Saturday was a landmark anniversary: the 75th anniversary of V-J Day (Victory over Japan.) There’s some dispute about the actual date: Japan surrendered on August 15th, but because of the time difference, that was August 14th in the US. And September 2nd is officially referred to as V-J day because that’s when Japan signed the surrender document, ending World War II. But whichever day you prefer, it must be remembered and commemorated, especially this year. The number of living veterans of the war in the Pacific is dwindling; and this year, because of the coronavirus, public events were not as large or widespread as these heroes deserved, and their advanced ages meant that most couldn’t leave their homes to be honored.
We must remember V-J Day not only for the sacrifices and heroism of our military, but also to ensure that the conditions and actions that led to the horrors of World War II never happen again. Today, there is a vast coordinated effort to erase and rewrite the history of the United States, and to cast this great nation’s heritage as nothing but racism, oppression, and colonialism. That is a scurrilous lie. Yes, there are dark passages, but no other nation in history has ever strived so hard, or sacrificed more blood and treasure, to advance justice and free people from bondage, both here and around the world. In the 1940s, the United States and the Allied coalition literally saved the world. And having defeated the most dangerous foe of all time, we didn’t act as conquerors or colonizers. We left only enough troops to oversee the rebuilding and keep the peace, while most of our military came home, shed their uniforms, and went on with their lives.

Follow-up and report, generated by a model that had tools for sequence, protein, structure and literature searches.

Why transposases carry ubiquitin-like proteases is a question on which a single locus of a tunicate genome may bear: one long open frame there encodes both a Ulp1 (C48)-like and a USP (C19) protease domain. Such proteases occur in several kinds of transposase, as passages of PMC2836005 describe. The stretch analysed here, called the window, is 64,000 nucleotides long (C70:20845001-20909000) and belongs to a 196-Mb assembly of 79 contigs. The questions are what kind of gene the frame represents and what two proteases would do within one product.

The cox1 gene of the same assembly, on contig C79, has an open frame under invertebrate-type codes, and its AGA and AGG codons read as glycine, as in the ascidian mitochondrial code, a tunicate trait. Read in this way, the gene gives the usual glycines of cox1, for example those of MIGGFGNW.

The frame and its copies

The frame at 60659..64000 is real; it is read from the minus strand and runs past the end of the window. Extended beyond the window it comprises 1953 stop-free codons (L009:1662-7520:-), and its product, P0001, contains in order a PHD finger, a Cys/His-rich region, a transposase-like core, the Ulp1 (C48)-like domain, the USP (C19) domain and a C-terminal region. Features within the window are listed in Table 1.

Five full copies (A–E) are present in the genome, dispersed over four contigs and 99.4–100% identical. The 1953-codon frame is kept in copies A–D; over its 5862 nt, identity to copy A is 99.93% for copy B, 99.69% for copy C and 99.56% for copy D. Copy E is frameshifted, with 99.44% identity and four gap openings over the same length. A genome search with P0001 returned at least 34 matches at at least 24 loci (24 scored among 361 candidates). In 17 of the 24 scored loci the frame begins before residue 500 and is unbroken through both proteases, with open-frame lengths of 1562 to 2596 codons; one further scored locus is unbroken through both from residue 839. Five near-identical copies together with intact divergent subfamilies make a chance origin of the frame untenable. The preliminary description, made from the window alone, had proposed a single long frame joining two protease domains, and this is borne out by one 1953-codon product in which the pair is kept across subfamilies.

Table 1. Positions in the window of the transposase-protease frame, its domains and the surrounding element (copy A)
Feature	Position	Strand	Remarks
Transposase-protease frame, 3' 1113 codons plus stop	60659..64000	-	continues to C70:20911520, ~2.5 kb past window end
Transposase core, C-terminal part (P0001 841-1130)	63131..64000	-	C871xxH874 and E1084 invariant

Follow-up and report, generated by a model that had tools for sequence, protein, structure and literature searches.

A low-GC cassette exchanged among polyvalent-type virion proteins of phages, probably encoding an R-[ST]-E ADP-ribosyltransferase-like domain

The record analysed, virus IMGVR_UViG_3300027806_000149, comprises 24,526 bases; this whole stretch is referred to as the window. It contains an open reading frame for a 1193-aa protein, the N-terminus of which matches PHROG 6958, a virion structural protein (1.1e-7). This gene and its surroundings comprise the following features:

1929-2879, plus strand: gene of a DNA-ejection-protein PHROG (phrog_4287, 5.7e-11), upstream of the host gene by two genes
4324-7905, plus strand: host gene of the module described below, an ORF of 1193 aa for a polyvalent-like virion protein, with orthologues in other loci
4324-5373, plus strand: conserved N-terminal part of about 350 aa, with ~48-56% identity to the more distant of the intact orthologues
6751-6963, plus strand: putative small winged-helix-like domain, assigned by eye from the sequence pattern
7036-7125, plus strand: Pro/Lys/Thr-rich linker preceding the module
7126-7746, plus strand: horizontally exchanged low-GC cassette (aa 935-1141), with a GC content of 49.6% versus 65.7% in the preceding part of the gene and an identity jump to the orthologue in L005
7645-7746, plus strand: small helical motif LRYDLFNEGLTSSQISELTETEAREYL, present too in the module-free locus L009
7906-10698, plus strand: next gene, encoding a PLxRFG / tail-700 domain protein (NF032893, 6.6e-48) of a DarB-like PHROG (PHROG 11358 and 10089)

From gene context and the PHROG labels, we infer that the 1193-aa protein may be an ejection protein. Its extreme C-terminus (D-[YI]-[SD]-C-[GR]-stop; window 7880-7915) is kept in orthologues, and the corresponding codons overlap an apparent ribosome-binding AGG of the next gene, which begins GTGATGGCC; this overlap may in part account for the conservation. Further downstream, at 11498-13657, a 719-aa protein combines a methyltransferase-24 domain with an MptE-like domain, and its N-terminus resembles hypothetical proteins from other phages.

At that link is a story about some of the veterans of the Pacific campaign who are still with us 75 years later. But I noticed that the writer has also internalized, perhaps unwittingly, some of the attempts to rewrite history to cast America in a negative light. The article describes the atomic bomb attacks on Hiroshima and Nagasaki as the point where “nuclear weapons were first -- and so far, solely -- used in anger…”
There’s no question that those bombings were horrific in their destruction and loss of life, and they certainly carried a sobering lesson that we should avoid ever using those weapons again. But it’s flat wrong to assert that they were “used in anger.” They were used in war, which is a very different thing.
It was a war we didn’t start or seek; Japan thrust it on us with the attack on Pearl Harbor. Even after Germany surrendered, Japan’s military leaders refused to stop fighting, and they still had a 2-million-man military to defend their homeland. A D-Day-like invasion of Japan was predicted to cost at least a million casualties. Truman faced one of the most difficult choices of any President in history: use the awesome power of a nuclear weapon – which wasn’t even fully understood at the time – or keep fighting island by island, door to door, for who knows how long or at what cost of lives on both sides. Here’s some more background on what he was facing.
Far from being made in anger, that was one of the most agonizing and carefully considered Presidential decisions ever made. Historians can argue forever about whether it was the right decision, but they don’t have the lives of millions of people hanging on the outcome of their debate, as Truman did.
Finally, as we salute American heroes of World War II on the 75th anniversary of V-J Day, here are some photos from commemorative events that were held in Great Britain and Japan.